Researchers Zero in on Alzheimer's Disease Risk Factors
MONDAY, July 20, 2020 (HealthDay News) -- Ten risk factors may affect your risk of developing Alzheimer's disease, a new Chinese study suggests.
Focusing on these factors could help doctors develop guidelines for preventing Alzheimer's, researchers say. The risk factors include mental activity, obesity in late life, depression, diabetes and high blood pressure.
The need is urgent: Alzheimer's is the most common form of dementia in older people. More than 5 million Americans 65 and older have the disease and the number is expected to nearly triple by 2050, according to the Alzheimer's Association.
For this study, researchers reviewed nearly 400 studies in search of ways to prevent it. Dr. Jin-Tai Yu, professor of neurology at Fudan University in Shanghai, led the search.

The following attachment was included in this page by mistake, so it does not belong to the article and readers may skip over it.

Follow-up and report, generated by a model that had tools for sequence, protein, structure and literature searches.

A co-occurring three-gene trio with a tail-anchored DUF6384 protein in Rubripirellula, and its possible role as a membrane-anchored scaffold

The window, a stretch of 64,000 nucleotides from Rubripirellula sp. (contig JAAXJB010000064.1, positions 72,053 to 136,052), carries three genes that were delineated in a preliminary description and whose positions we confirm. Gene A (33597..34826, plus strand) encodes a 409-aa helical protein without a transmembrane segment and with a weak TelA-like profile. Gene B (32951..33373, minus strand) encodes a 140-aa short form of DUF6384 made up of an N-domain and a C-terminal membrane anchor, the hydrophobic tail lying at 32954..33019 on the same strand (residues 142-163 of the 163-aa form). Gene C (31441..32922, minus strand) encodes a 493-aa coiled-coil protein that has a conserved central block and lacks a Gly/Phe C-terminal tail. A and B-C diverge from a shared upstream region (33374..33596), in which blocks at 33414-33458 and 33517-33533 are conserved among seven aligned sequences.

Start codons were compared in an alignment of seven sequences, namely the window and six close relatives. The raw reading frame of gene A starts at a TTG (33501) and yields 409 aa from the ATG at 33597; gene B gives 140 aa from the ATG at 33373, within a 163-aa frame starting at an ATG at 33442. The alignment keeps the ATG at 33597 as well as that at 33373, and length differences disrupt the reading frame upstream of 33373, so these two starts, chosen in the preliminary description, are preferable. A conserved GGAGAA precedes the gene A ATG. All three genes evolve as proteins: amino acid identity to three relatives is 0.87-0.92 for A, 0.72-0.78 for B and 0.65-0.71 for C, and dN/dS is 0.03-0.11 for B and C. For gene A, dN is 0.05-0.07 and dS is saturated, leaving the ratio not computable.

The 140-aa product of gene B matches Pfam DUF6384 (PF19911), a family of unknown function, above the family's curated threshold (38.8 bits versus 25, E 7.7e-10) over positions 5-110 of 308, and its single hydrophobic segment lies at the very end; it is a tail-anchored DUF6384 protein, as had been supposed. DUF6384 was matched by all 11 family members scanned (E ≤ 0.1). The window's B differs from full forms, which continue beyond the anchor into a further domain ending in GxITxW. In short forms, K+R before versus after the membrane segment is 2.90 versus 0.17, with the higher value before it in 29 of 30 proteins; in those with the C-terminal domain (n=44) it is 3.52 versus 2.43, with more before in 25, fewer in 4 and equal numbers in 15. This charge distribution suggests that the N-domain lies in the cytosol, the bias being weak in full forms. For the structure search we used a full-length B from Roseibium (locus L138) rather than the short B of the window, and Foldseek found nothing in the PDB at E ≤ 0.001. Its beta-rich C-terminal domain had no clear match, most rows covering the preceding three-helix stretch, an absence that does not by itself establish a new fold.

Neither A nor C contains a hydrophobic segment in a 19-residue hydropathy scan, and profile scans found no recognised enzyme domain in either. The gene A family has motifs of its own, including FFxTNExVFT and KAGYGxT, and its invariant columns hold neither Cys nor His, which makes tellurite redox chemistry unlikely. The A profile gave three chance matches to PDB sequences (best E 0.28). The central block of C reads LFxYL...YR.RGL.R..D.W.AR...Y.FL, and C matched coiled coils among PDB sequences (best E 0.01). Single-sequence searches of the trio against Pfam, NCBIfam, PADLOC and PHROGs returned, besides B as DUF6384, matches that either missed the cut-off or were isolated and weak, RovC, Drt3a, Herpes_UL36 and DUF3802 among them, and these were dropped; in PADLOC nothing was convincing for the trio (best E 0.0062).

His team proposed 21 prevention strategies that doctors could use in their practice. Nearly two-thirds of them target risk factors such as high blood pressure and cholesterol and lifestyle.
Researchers said 10 suggestions are supported by strong evidence. They include getting as much education as possible in early life; taking part in mentally stimulating activities, such as reading; and avoiding diabetes, stress, depression, head trauma and high blood pressure in midlife.
Nine other suggestions had less evidence to support them. They included getting regular exercise and good quality sleep, maintaining a healthy body weight and good heart health in later life, not smoking and getting vitamin C in the diet.
Two interventions were not recommended -- estrogen replacement therapy and acetylcholinesterase inhibitors, drugs that increase communication between nerve cells.
Though these suggestions may make sense, researchers said following them doesn't guarantee they will prevent Alzheimer's.
"This study provides an advanced and contemporary survey of the evidence, suggesting that more high-quality observational prospective studies and randomized controlled trials are urgently needed to strengthen the evidence base for uncovering more promising approaches to preventing Alzheimer's disease," they wrote.
The findings were published July 20 in the Journal of Neurology, Neurosurgery & Psychiatry.
For more on Alzheimer's disease, head to the Alzheimer's Association.
SOURCE: BMJ, news release, July 20, 2020